I bought a spokeshave you can afford and one I haven’t tested out before either. I liked the look of it and Draper UK has been a long established distributor of all kinds of tools, machines and equipment here in the UK for decades and whereas their quality is generally accepted as reasonable to well made,…

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We are often looking for an ideal fit with everything we work with, a one-size-fits-all solution and of course many will espouse this one or that one is the answer to life’s problems, but my stock answer always is this. Life is just like wood, it comes with knots in it. Controversy ebbs and flows around…

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….continuing on from the last blog I wrote. These spokeshaves are not complicated or difficult to set provided everything is in fairly good shape. Complications come when the tangs are rusted into their sockets which is not at all unusual, or the forepart of the spokeshave is so worn away that there is massive gaping…

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Question: How do I sharpen my wooden spokeshave, Paul? I have a wooden spokeshave and want to use it but with the two prongs sticking up I can’t really work out how to sharpen it. How do you sharpen yours? Answer: This question drops through my letterbox often enough to need an answer and the…

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This question comes up fairly often and this is the how-to that works best. It works on the modern versions of blade-as-sole spokeshaves equally well. It’s not a difficult task but the tangs get in the way of conventional bevel-up sharpening, as you might with planes and chisels, so it’s is easiest to be done…

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I wrote this blog on making and using a spokeshave blade holder/extender because it was something that enables you to use a honing guide if need be, but also gives the added leverage you really need for applying upper-body pressure as you do in normal sharpening of blades. Without the extender your fingers cannot take…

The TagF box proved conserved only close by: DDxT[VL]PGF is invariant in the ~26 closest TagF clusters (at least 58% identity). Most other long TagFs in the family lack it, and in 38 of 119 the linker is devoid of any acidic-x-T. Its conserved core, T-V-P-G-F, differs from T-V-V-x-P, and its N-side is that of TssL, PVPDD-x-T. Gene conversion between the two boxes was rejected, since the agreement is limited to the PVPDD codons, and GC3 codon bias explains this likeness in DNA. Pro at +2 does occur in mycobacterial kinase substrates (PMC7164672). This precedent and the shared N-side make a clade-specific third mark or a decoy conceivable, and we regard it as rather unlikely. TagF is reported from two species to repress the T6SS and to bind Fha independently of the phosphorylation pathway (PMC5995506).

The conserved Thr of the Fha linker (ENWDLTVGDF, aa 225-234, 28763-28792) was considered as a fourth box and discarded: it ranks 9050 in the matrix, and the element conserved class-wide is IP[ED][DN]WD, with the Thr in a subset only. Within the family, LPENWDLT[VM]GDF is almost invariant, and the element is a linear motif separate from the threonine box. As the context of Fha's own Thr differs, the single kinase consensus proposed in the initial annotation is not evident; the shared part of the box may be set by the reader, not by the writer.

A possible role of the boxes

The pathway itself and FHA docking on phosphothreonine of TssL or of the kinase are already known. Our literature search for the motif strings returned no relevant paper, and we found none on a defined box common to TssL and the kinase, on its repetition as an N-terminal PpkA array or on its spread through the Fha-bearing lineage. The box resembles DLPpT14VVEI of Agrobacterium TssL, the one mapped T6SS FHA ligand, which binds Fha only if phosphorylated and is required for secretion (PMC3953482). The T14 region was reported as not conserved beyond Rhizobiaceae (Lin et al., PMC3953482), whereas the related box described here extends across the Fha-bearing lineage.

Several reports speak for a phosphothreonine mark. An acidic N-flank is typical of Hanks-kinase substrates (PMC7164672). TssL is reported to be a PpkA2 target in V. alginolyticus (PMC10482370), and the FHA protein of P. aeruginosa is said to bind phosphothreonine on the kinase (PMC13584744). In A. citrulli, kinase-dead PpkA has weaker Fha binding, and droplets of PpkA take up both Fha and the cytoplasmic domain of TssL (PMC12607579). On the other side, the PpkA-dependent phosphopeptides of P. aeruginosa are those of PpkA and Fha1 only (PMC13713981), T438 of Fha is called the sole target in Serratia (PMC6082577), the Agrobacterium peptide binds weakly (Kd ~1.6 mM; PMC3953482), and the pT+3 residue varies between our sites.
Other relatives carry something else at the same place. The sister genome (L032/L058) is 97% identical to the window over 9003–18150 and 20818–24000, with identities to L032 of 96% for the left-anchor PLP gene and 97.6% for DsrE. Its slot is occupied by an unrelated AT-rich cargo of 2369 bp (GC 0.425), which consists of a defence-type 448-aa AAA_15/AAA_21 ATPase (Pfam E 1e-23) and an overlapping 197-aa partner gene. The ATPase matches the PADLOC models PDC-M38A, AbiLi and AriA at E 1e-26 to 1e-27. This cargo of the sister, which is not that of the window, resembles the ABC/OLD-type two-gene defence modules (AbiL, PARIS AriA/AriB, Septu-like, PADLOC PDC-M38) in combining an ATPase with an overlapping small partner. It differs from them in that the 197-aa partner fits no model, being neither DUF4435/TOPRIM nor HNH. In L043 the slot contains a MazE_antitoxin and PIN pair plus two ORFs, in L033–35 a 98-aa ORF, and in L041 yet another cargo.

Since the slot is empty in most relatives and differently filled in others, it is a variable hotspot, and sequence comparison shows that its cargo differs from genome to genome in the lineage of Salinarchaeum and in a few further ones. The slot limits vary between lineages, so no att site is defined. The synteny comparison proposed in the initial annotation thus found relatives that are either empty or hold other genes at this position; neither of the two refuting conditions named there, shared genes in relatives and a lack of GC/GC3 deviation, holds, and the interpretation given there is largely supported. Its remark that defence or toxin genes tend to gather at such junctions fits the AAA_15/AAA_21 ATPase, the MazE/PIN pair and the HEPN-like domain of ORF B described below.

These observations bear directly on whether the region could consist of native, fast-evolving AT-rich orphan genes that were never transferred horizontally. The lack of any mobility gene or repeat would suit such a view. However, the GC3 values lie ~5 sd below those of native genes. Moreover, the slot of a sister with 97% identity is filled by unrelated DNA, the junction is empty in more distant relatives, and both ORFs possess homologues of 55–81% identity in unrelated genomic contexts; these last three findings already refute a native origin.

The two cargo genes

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A few years ago, ten or more if I remember rightly, I ordered some spokeshave parts from Veritas in Canada. I think it was about 16 sets actually. The order was based on my previously ordering a kit of parts  to make my own, to see how well it would work. I ended up ordering…

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A difference between cast-metal spokeshaves and wooden spokeshaves is the dynamic of bevel-up and bevel-down cutting iron presentation to the wood I spoke of in an earlier post in this series and earlier blogs. The two differences may possibly appear to present the blade similarly by the overall appearance of the tool rather then the…

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Wooden Spokeshaves Wooden spokeshaves predate the cast metal ones by centuries and more if you delve into the histories of ancient worlds. Spikes and spokes give some limited indication as to why these tools are called ‘spoke’ shaves, but so limited a definiendum only serves to undervalue the breadth and scope of a tool that…

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Wood on wood is light, frictionless woodworking at its best and no metal-cast spokeshave offers anywhere near the senseasesiness to the hands of woodworkers than a wooden bodied spokeshave. There you go, it’s said and done. I was really raised on the Stanley and Record 150’s and 151’s and have used them all through my…

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  • Robin Alexander. on Woodworking PatternsHi. Paul. This maybe long winded, forgive me for that. I am not a person whom making things of wood, a craftsman of wood, a master of wood, but my early years of life made wood use…
  • mark leatherland on Woodworking PatternsHi Paul, wise words. Im trying to develop my own patterns to speed up and improve my woodworking. I don't think that your nearly 400k followers will be looking elsewhere for a new…
  • Thomas Angle on Woodworking PatternsI can think of a few off the top of my head that seem to not master their tools. They do look clumsy and seem a little uncomfortable with them. Of course Paul has and elegance when…
  • Thomas Angle on Resistance to Change"Maybe one day I should publish the list of my own suppliers who have truly served me well" That would be helpful. It seems to be getting harder and harder to find good places to d…
  • Paul Sellers on Woodworking PatternsOne thing I learned and indeed loved about living and working in Texas for half my working life was how many children would address their fathers as Sir and Daddy in the same sente…
  • Hank Edwards on Woodworking PatternsMost everything I had intended to say has been said. Two points remain to be addressed. First to nemo: I work a great deal with translating. English does have a formal structure ak…
  • Jon on Woodworking PatternsYou're not the only one! I've started over from the beginning. The beginning, I think, because I'm not sure. I think the Paul Sellers Blog starts in the spring of 2012, but I'm not…